Comedy hits the road, but the jokes fall flat

Posted: February 08, 2008

The idea behind Vince Vaughn's Wild West Comedy Show (subtitle: 30 Days and 30 Nights - Hollywood to the Heartland) is, at the least, logistically ambitious: take four comedians, put them on a bus, and have them do a show a night for a whole month, starting in L.A. and finishing in Chicago. And get a film crew to tag along.

Vaughn, with his retro Rat Pack vibe, hosts the gigs, and guest notables - country warbler Dwight Yoakam, Swingers cast-mate Jon Favreau - pop up here and there. And the comedians? Ahh, therein lies the flaw in the Wedding Crashers' star's plan.

Ahmed Ahmed, an Egyptian born California comic who riffs on ethnic stereotypes, seems like a nice guy, and his jokes about profiling have a sardonic sting to them (when airline reservationists see his name, they tell him he should arrive at check-in "a month and a half early"). But his post-9/11 jabs are limited, at best.

John Caparulo, from Cleveland, wears T-shirts and baseball caps and deploys the F-word so often that his act would be half as long if he cleaned it up. His mom, interviewed when the tour hits Ohio, says that "Cap" would have been in a cult, or a felon, if he hadn't found stand-up. Good for him, I guess.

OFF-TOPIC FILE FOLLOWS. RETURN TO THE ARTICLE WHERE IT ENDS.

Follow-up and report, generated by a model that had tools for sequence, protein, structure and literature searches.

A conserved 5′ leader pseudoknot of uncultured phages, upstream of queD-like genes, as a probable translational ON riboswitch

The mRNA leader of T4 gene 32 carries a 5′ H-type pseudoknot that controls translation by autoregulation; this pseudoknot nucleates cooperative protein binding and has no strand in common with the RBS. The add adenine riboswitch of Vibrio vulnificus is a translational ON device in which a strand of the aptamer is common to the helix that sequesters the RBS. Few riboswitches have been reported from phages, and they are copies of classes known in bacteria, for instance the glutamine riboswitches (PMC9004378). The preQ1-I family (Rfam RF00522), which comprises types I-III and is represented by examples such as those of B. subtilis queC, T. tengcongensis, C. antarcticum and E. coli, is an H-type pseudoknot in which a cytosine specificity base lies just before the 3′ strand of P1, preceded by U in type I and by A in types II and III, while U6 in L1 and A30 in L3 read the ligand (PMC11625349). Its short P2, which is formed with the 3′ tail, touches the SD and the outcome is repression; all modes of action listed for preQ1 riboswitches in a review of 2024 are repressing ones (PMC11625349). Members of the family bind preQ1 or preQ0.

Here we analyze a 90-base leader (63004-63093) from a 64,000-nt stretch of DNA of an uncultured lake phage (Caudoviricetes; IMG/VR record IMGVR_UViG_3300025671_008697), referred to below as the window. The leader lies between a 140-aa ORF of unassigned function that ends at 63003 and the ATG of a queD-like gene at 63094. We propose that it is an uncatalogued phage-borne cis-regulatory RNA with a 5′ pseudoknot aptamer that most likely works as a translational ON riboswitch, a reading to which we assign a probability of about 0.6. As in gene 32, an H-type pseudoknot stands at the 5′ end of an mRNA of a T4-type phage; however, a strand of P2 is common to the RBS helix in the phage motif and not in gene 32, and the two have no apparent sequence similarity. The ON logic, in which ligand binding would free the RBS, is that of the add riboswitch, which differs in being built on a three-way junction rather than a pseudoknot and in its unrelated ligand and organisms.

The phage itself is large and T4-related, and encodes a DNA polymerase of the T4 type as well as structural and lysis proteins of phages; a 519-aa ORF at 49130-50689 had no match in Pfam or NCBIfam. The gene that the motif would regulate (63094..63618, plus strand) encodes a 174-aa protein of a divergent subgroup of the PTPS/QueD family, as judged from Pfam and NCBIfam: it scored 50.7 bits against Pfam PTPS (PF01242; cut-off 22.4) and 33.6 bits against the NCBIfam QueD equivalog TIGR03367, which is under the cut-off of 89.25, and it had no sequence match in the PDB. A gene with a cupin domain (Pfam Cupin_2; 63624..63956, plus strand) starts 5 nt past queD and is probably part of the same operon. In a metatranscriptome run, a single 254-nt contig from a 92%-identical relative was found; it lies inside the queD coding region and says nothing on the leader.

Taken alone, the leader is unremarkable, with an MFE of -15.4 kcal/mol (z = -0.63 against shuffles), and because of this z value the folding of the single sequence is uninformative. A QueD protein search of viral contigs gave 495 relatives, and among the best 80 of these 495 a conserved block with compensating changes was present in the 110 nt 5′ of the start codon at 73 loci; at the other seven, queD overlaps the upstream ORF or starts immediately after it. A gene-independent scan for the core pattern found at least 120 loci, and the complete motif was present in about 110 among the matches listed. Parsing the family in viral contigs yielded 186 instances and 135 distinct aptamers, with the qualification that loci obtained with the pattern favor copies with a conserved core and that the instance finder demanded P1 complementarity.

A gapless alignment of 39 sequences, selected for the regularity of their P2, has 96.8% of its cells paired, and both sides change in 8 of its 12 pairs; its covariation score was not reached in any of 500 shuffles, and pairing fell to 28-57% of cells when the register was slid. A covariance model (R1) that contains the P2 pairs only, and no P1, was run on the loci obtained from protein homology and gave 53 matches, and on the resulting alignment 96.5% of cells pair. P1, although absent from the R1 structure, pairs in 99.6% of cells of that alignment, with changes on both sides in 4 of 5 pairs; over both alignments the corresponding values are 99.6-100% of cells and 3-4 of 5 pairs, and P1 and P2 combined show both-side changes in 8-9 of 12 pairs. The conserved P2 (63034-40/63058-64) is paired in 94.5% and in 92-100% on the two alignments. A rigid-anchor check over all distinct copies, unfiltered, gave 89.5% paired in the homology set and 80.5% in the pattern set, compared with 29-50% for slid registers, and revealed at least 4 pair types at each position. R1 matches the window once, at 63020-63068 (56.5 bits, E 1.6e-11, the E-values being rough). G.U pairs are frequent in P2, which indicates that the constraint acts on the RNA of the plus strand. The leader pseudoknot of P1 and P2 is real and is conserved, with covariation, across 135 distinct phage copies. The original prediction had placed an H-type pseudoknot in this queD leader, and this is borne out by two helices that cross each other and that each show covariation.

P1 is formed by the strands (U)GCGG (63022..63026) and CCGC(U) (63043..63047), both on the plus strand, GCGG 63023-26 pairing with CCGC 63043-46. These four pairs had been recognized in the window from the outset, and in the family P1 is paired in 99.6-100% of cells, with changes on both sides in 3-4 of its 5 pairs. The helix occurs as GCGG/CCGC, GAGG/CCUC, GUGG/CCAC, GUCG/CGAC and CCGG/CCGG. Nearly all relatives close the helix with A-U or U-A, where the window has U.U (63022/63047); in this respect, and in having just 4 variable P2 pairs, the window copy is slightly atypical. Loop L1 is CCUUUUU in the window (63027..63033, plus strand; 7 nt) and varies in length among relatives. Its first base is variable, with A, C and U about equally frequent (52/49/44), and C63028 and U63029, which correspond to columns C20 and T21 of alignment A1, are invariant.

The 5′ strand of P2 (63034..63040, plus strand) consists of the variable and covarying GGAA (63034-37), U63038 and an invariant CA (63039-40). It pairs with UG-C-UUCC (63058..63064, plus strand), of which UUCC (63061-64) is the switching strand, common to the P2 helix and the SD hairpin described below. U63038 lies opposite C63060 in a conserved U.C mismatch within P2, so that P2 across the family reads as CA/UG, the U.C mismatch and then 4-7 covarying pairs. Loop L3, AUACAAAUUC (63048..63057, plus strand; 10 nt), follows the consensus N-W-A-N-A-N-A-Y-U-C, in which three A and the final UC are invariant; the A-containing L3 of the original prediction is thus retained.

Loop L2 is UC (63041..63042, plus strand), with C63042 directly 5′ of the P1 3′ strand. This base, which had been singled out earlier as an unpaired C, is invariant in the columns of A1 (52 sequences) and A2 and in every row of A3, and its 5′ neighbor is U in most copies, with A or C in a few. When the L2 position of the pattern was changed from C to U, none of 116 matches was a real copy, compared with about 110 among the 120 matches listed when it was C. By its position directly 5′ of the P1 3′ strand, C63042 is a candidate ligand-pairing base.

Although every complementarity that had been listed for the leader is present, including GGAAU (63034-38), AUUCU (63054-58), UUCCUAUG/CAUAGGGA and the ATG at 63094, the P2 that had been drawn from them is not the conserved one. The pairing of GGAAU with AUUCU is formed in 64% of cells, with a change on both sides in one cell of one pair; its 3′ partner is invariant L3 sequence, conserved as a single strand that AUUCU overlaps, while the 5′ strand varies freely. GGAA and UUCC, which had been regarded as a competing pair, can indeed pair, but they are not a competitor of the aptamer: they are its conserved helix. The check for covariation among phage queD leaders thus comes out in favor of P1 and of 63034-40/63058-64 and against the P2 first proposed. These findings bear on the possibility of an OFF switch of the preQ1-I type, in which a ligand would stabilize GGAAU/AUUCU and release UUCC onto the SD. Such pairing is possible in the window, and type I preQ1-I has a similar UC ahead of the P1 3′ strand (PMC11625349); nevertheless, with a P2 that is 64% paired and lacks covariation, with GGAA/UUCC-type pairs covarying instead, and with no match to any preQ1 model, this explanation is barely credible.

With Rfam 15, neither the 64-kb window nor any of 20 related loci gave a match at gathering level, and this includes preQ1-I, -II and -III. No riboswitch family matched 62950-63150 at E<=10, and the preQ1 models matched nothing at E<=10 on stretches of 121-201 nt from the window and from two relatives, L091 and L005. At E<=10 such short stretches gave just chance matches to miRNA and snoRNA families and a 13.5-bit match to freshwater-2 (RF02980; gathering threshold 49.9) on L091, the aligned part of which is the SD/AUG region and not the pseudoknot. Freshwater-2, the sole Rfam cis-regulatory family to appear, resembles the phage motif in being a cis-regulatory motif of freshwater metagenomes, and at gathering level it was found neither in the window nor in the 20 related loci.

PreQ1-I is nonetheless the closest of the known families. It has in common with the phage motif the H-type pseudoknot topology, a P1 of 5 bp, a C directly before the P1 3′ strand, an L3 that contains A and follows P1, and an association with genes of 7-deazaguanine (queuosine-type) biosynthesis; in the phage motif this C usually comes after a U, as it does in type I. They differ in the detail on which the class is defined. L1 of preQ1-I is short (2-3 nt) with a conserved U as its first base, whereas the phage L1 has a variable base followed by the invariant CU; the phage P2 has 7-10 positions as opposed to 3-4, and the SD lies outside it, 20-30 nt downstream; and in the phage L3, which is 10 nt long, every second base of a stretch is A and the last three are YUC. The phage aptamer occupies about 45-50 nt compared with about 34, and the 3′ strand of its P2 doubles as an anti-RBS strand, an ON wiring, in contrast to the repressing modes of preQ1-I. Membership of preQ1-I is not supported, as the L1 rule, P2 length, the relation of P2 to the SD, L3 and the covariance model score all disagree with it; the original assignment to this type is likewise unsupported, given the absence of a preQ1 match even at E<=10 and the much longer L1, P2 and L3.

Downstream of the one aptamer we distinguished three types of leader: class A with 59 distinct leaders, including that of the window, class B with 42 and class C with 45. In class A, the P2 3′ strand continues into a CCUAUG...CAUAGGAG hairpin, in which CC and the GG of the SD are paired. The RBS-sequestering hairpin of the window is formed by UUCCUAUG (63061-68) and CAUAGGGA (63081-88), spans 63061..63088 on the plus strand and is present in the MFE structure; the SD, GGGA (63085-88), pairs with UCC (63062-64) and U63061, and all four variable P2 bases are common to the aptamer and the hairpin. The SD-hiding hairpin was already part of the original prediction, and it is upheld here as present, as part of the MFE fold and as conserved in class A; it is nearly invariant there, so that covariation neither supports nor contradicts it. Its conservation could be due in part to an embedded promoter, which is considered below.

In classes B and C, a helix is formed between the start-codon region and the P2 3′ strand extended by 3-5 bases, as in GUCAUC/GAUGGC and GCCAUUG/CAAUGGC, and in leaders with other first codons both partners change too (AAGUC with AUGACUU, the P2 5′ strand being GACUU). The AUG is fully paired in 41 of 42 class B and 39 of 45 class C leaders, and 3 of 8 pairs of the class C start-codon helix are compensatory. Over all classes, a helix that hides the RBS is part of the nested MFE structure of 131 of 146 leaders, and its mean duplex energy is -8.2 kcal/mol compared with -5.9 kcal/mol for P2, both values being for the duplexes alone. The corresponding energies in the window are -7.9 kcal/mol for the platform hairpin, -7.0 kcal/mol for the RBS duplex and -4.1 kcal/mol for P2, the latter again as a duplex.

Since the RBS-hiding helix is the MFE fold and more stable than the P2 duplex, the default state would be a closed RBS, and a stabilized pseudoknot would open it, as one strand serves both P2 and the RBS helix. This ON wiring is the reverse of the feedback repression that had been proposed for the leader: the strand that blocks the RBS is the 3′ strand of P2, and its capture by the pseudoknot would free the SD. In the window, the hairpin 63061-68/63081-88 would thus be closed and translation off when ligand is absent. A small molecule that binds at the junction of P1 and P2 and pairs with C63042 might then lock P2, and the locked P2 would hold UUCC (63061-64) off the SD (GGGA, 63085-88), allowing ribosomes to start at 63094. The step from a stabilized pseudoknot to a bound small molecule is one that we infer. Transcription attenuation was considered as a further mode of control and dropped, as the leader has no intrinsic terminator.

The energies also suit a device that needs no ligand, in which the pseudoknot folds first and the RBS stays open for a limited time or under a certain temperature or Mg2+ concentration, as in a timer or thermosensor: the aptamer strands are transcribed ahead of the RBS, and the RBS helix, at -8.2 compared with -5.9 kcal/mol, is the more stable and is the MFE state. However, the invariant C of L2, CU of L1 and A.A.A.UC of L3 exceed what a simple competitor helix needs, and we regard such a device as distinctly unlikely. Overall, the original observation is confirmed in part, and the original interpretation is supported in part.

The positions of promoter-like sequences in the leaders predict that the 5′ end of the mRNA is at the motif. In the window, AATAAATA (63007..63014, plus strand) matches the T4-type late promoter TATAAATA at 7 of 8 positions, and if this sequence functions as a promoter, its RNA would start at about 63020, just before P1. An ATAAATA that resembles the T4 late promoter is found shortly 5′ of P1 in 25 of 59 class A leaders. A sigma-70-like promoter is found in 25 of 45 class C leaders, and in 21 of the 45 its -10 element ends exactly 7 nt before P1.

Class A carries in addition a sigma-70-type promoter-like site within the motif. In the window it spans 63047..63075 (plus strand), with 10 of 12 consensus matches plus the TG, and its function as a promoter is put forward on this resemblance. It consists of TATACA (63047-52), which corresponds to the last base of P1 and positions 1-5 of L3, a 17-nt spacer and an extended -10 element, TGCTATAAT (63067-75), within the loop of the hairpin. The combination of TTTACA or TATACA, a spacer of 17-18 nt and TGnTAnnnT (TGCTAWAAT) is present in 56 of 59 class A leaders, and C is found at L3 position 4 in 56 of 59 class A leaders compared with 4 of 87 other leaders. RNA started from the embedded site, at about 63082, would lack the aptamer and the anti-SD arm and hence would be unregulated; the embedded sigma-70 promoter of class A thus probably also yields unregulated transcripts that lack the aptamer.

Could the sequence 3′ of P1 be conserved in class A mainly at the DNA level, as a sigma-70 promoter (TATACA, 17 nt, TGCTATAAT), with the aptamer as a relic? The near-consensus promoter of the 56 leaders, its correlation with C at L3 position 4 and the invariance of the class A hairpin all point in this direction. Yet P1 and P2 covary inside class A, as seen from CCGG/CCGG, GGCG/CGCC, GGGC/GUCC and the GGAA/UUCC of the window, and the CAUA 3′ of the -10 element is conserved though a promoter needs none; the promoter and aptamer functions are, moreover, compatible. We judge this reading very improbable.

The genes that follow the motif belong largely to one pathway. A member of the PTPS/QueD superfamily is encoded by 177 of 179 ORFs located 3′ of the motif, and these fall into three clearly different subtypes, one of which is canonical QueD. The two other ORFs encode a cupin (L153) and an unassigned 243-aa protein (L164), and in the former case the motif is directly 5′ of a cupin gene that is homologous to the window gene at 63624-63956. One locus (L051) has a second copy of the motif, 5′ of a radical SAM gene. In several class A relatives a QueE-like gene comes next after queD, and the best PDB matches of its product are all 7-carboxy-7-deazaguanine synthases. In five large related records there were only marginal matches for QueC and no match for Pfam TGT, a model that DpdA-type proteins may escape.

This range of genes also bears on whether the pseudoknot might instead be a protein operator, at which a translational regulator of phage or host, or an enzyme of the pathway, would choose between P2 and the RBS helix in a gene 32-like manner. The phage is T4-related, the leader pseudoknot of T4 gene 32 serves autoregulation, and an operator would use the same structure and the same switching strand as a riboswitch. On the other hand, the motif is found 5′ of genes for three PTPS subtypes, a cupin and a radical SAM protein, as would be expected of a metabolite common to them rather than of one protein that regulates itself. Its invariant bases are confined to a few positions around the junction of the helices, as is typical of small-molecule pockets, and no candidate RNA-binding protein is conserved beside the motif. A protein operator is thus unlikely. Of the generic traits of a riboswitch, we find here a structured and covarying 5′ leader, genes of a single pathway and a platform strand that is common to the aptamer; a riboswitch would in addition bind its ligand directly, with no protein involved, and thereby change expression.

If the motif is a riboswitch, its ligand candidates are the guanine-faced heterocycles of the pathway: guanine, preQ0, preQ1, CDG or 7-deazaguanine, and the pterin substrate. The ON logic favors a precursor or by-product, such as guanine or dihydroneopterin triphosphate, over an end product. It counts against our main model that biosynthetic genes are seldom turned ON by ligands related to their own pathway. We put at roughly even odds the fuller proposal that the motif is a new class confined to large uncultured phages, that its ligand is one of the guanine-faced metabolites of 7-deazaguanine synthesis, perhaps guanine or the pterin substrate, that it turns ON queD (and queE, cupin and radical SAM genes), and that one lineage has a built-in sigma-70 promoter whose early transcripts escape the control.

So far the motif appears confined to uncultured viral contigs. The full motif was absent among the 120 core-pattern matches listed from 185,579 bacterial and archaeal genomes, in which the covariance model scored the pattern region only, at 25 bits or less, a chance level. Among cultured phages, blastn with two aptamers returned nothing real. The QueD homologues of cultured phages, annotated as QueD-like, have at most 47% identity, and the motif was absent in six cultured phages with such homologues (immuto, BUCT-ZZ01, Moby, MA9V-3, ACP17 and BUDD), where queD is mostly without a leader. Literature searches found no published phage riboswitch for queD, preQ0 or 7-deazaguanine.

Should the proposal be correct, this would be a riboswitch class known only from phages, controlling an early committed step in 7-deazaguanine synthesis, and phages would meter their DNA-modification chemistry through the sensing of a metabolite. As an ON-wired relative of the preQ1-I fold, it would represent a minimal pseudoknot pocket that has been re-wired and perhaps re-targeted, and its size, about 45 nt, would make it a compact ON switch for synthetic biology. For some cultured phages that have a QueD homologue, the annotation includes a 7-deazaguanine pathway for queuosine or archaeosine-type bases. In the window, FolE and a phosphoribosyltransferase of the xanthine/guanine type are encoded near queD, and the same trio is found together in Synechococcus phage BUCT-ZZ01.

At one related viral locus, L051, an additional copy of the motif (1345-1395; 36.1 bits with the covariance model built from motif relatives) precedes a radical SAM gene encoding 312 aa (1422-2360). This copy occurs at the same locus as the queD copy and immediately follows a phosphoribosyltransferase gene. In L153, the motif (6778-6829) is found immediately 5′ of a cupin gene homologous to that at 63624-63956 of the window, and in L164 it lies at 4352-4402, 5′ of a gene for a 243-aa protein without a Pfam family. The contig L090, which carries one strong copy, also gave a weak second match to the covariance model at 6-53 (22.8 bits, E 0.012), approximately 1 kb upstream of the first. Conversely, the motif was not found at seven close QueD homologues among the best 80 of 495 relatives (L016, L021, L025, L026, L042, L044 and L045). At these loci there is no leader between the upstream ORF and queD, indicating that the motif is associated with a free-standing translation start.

Bret Ernst is the alpha male dude, talking about dating and sex, and offering lacerating self-critiques following shows where he thinks he's flopped. And Sebastian Maniscalco, from the Chicago suburbs, serves up the kind of observational comedy (shopping, dating) that Jerry Seinfeld does in his sleep. But minus Seinfeld's precision and deadpan charm.

And so, with unplanned detours in the wake of Hurricane Katrina (yes, this movie has been sitting on a shelf for a long time), and motel-room gabber with the guys, Vince Vaughn's Wild West Comedy Show trucks on. Intermittent moments of mild amusement ensue.

Vince Vaughn's Wild West Comedy Show ** (out of four stars)

Directed by Ari Sandel. With Ahmed Ahmed, John Caparulo, Bret Ernst, Sebastian Maniscalco and Vince Vaughn. Distributed by Picturehouse Entertainment.

Running time: 1 hour, 40 mins.

Parent's guide: R (profanity, adult themes)

Playing at: area theaters

Contact movie critic Steven Rea at 215-854-5629 or Read his blog, "On Movies Online," at

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